During the course of attending Eichmann’s trial, and the more she read in the voluminous transcripts and other trial documents, including Eichmann’s own writing, Arendt hit upon an insight she continued to pursue in later work, including her posthumously published book, The Life of the Mind. The insight was this: It was Eichmann’s “thoughtlessness”—the absence of thinking—that enabled him to commit monstrous acts. Eichmann’s thoughtlessness exemplified what she called “the fearsome, word-and thought-defying banality of evil.”
Nothing placed Arendt in the storm center of public opinion more than her essays about the trial first published in February and March 1963 in the New Yorker, which ultimately became Eichmann in Jerusalem: A Report on the Banality of Evil. The year Eichmann was published, the Anti-Defamation League sent out a circular to rabbis to preach against her on Rosh Hashanah. To this, Arendt responded in a letter to her friend, the author Mary McCarthy, “What a risky business to tell the truth. . . .” With close to 300,000 copies now sold, Eichmann in Jerusalem remains Arendt’s most widely circulated and most vilified “public” work. Why?
A haunting meditation on the near total eclipse of morality under the Third Reich, Eichmann is a provocative, often distressing exercise in thinking. Over Arendt’s “report” hangs the shadow of her complicated judgment of the scope of horrors associated with the Holocaust, whose source she summarized in the phrase “the banality of evil.” Among the more disturbing conclusions she reached were those about Eichmann himself: “Despite all the efforts of the prosecution, everybody could see that this man was not a ‘monster,’ but it was difficult indeed not to suspect that he was a clown.” He was not the incarnation of evil, she wrote; he was “thoughtless,” unable to reflect on the fact that what he was doing was wrong. “The longer one listened to him, the more obvious it became that his inability to speak [in anything but clichés] was closely connected with an inability to think, namely, to think from the standpoint of somebody else.”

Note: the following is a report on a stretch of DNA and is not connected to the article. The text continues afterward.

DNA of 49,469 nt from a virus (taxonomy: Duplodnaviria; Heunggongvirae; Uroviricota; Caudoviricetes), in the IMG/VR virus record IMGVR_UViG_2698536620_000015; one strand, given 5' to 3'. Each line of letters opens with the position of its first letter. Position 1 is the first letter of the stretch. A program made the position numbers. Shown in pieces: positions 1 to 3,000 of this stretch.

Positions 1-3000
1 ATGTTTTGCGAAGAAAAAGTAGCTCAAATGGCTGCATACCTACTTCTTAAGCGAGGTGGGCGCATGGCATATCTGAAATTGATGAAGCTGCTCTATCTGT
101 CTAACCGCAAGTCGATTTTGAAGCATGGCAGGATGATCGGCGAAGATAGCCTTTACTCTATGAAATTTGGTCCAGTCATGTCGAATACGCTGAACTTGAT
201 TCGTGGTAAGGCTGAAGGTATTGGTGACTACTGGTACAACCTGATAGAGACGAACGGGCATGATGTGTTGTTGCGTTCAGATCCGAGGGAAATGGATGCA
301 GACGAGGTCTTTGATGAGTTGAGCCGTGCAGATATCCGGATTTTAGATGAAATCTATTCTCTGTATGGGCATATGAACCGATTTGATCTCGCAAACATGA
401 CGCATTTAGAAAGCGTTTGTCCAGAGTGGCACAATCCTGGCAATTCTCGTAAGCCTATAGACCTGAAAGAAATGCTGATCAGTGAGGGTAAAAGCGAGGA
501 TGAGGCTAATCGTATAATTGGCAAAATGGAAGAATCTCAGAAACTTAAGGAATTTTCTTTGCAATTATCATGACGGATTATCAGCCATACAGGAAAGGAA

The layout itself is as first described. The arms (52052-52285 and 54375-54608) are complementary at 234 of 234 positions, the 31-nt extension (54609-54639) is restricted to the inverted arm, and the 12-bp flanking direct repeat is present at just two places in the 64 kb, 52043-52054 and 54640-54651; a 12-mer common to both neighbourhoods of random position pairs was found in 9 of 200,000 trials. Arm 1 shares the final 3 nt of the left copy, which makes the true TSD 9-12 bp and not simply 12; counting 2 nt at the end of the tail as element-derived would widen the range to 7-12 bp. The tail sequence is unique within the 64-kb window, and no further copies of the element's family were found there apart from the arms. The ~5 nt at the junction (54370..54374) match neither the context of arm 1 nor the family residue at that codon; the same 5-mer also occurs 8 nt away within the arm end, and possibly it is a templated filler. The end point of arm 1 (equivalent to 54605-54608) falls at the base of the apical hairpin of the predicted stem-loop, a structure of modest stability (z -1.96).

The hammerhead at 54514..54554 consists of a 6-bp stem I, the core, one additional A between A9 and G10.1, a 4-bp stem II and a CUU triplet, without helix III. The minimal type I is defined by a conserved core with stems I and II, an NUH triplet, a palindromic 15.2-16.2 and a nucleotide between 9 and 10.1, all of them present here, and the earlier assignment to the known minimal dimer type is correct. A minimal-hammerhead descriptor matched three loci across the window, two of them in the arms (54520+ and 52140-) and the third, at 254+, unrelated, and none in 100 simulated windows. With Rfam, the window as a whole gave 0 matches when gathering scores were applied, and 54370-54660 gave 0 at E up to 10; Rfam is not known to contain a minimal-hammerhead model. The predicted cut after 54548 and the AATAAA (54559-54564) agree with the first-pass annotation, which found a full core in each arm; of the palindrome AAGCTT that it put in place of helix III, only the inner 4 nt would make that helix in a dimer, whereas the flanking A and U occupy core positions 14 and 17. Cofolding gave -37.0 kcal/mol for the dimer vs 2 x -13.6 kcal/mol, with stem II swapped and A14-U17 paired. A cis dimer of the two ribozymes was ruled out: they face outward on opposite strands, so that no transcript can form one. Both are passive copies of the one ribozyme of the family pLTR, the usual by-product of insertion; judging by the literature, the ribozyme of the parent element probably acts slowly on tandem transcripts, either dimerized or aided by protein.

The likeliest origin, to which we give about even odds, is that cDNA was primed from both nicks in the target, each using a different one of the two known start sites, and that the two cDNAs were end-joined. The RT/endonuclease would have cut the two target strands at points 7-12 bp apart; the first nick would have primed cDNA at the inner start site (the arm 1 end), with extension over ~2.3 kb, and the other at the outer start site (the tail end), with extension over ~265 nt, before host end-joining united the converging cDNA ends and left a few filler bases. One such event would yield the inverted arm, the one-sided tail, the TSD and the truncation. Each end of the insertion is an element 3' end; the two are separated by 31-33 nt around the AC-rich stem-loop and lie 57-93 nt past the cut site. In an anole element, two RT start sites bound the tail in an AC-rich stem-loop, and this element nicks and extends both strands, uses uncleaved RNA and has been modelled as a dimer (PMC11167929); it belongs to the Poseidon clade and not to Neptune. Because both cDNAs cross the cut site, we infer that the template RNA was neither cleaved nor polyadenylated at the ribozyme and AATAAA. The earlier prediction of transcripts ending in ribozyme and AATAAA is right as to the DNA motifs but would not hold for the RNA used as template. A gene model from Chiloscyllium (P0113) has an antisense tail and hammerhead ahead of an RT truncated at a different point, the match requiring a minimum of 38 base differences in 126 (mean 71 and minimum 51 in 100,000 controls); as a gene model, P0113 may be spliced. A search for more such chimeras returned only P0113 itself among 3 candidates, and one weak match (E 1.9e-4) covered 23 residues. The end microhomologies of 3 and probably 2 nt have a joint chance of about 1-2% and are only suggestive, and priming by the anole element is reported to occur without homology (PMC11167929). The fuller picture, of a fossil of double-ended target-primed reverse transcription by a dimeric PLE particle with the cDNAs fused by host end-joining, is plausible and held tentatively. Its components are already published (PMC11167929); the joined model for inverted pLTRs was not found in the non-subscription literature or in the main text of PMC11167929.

In Origins, Arendt had underscored the importance of ideology to the creation of the Nazi state. Embedded in the elaborate bureaucracy and obfuscating language and legal rules of the Nazi government, ideology served to inure people to the murderous reality of the regime. Eichmann’s testimony revealed to Arendt his amazing capacity to speak only in clichés and stock phrases and an equally astounding incapacity to think. Here was Eichmann “in the flesh,” but what shocked Arendt was how commonplace he was.
Eichmann testified that, in fact, he did know what he was doing and went on at great length describing how good he was at his job. But, for Arendt, knowing and thinking were not the same thing. To know meant to know how to do something—such as how to coordinate transportation. Knowing was separate from stopping to think about the meaning of one’s actions, whether it was wrong to be transporting trainloads of people to their death. To Eichmann, what would have been wrong was any failure to do his job. This was neither blind obedience nor the performance of a mere cog in a wheel. It was the carefully planned and skillfully executed strategy of a “joiner,” one of those “job holders and good family men.”
As if he were only a “leaf in the whirlwind of time,” Eichmann appeared in Arendt’s narrative as someone unable to reflect on the difference between sending people to their deaths and doing his job. Yet the real trouble, she wrote, wasn’t Eichmann; it was how many others were like him—terrifyingly normal, banal perpetrators of evil acts. What had happened, Arendt wondered, to make so many people thoughtless? “From the accumulated evidence one can only conclude that conscience as such had apparently got lost in Germany.”
But not only in Germany. While never equating their actions with those of the Nazis, Arendt nonetheless judged members of the Judenräte (Jewish councils of community leaders organized by the Germans in occupied Europe) unfavorably for cooperating with the Nazis by giving them lists of Jews to deport. In one of the most frequently quoted passages from the book, she even assigned a measure of responsibility to some of the victims. “Wherever Jews lived, there were recognized Jewish leaders, and this leadership, almost without exception, cooperated in one way or another, for one reason or another, with the Nazis. The whole truth was that if the Jewish people had really been unorganized or leaderless, there would have been chaos and plenty of misery but the total number of victims would hardly have been between four and a half and six million people.” And to a Jew, she wrote, “this role of the Jewish leaders in the destruction of their own people is undoubtedly the darkest chapter in the whole dark story.” It was passages such as these that Gaus had in mind when he questioned Arendt about her tone.